In the Code Flow overview we explained:
- How this popular message exchange pattern works;
- The kinds of client applications that use it;
- Variations that can be used to get different types of tokens (e.g., ID Tokens and Refresh Tokens); and
- How the user is redirected back to the client application once authentication and delegation are complete.
This last point about redirection is an important one. As mentioned many times in the OAuth 2.0 Threat Model (RFC 6819), the use of redirects is one of the primary attack vectors of OAuth. There are many ways that an attacker may try to take advantage of the code flow’s redirection back to the client. These danger are largely mitigated by:
- Requiring the client to authenticate itself at the token endpoint (when redeeming the authorization code);
- Using TLS on the client’s redirect URI;
- Having a unique redirect URI for each client which it has total control over.
For Web applications, these safeguards are usually in place. They may not be, however, for mobile applications. In such environments, an attacker may be able to obtain the client ID and secret used by the app when it authenticates itself to the OAuth server’s token endpoint. Also, the redirection may use a custom scheme that is not confidential and may be possible for an attacker to also register to handle. This situation is shown in the following figure:
This danger can be mitigated though using Proof Key for Code Exchange (PKCE), or “pixie” as it is commonly referred to, which is defined in RFC 7636.
The reason that such a vulnerability exists is because the OAuth server (i.e., Curity) doesn’t know the difference between the legitimate app that starts the flow in step one and the malicious app that redeems the authorization code in step five. To close this hole, the OAuth server needs a way of determining that the app that starts the flow is the same one that finishes it. This is what PKCE does. The way it accomplishes this is by specifying that:
- The legitimate client app creates a secret key that only it knows.
- The request in step one above includes a hash of this secret key and info about which hashing algorithm was used.
- Step five in the previous figure includes the actual key.
- Before the OAuth server returns the tokens in step six, it uses the secret key to determine if it can arrive at the same hash that was previously given (using the early-provided hashing algorithm).
These additional steps are shown in the following figure:
This is the code flow using a proof key for the code exchange (hence the name). The key proves that the one who requested the code is the same entity that redeems it. This makes the authorization code a “proof of possession” token because the client must prove that it posses the secret key used when the authorization flow is initiated. Because the malicious app does not have access to the secret key, it will not be able to redeem the code. Conversely, the legitimate one does, so only it will receive tokens when redeeming the authorization code:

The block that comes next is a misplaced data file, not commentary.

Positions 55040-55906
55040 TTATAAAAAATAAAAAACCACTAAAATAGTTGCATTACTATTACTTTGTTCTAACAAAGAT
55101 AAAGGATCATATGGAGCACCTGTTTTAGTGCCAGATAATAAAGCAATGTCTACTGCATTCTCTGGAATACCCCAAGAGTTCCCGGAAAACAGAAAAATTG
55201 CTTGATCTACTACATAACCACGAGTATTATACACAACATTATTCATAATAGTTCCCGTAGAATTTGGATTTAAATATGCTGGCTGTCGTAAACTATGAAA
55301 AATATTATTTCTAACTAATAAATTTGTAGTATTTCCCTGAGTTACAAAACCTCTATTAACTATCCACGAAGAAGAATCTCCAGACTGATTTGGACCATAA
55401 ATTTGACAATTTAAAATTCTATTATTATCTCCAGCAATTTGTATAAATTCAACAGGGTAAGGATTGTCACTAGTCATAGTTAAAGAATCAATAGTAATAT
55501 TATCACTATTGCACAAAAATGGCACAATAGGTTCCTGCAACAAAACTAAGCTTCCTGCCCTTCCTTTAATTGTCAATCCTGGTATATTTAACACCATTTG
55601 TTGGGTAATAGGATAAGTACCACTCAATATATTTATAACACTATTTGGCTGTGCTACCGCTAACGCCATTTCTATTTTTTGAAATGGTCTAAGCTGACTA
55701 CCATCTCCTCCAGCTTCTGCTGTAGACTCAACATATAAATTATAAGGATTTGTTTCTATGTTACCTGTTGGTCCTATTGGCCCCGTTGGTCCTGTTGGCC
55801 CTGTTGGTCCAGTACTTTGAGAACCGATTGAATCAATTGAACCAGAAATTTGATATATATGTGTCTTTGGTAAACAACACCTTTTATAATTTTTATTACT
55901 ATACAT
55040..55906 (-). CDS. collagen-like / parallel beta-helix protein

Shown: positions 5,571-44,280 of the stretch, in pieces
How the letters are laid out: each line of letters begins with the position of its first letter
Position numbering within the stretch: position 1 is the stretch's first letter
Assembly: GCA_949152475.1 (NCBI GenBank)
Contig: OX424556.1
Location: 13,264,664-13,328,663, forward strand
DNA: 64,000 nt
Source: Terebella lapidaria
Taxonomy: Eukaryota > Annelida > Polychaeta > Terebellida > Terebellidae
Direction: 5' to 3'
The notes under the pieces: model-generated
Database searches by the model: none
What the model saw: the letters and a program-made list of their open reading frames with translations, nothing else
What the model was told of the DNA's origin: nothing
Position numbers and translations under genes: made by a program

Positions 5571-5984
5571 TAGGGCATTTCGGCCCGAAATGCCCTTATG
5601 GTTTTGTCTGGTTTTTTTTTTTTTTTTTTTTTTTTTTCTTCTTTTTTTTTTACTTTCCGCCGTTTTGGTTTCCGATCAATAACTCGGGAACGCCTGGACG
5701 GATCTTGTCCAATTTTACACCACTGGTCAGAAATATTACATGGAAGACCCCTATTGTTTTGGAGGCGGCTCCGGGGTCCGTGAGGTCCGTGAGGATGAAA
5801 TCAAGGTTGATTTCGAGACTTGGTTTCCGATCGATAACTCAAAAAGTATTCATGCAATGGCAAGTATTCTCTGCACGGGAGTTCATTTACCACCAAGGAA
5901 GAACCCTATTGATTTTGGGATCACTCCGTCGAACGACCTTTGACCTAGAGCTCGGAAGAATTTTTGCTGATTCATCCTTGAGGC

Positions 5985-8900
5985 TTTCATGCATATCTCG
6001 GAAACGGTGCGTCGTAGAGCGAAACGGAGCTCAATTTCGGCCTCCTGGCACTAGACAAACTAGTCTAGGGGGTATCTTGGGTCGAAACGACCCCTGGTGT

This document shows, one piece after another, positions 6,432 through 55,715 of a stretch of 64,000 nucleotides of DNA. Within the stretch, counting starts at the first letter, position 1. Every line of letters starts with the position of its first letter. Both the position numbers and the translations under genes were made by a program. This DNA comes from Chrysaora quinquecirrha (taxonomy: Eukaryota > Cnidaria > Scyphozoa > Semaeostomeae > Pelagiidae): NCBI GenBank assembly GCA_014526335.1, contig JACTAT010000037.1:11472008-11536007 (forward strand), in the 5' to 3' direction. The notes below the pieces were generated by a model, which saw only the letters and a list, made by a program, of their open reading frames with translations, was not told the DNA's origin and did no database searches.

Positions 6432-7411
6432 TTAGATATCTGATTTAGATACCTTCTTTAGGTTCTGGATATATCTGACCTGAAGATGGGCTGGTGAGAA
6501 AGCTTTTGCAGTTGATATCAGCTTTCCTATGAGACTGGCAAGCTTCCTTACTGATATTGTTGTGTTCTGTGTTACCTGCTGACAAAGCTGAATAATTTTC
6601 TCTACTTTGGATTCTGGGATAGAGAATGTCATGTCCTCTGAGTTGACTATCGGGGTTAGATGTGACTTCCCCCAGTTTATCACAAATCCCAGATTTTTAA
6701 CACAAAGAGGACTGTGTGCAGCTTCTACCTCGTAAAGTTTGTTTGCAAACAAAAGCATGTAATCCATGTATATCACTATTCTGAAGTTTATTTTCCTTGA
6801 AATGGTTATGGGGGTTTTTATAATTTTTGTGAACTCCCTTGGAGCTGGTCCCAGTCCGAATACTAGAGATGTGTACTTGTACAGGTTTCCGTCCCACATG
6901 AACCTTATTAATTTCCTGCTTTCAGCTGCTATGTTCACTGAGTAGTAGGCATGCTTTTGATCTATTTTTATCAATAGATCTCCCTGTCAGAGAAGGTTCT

To implement this, the client would use pseudocode such as the following when it starts the authorization request:
code_verifier = generate_random_string(length = 100) # (1) session["code_verifier"] = code_verifier # (2) hash = sha256_hash(code_verifier) # (3) code_challenge = base64_url_encode(hash) # (4) redirect_to_authorization_endpoint_using_pkce( # (5) code_challenge = code_challenge, code_challenge_method = "S256")
(1), the client generates a random key or string of bytes that only it knows. It saves this in some persistent session store
(2). It then hashes these bytes
(3) and encodes them for use in a URL
(4). When redirecting to the OAuth server, it includes the hash of the key and the algorithm used to compute that hash
Later, when the client receives the call back from the OAuth server, it would redeem the authorization code using pseudocode like this:
post_code_to_token_endpoint_using_pkce( # (6) code = request["code"], code_verifier = session["code_verifier"])
In this sample code, the client would include the key generated when it started the authorization request (as shown in step one in the figures above). Then, Curity would be able to verify that the client exchanging the code (step five in the previous diagram) is the original one. It would do this by using the signing algorithm included in
(5) and the code verifier in
(6). If the result was the same as the hash in
(3), then the request initiator and the code exchanger are the same entity, and tokens are issued; otherwise, an error results.
ExampleFor an actual code example of this, refer to the Python code sample on GitHub.
Pixie is an auxiliary OAuth specification designed to close a security vulnerability that is common on mobile devices. It specifies the use of a proof key to ensure that the application that starts the code flow is the same one that finishes it. This challenge is very easy to implement as shown in the pseudocode of this tutorials. It is enabled by default in Curity and requiring it can be done with just a few clicks. Because it is so simple to use, it is recommended for all clients, mobile and otherwise, that are using the code flow. It is also suggested to use SHA-256 as the hashing algorithm used to compute the challenge and to disallow an unhashed challenge. Using PKCE is common with dynamically registered clients. To learn more about this, watch this video which digs into that protocol.
Another easy safeguard that you can use with the code flow and PKCE is Pairwise Pseudonymous IDs (PPIDs) which is covered in another tutorials.
If you have questions about anything in this tutorials, you can also contact us. We’re happy to help!
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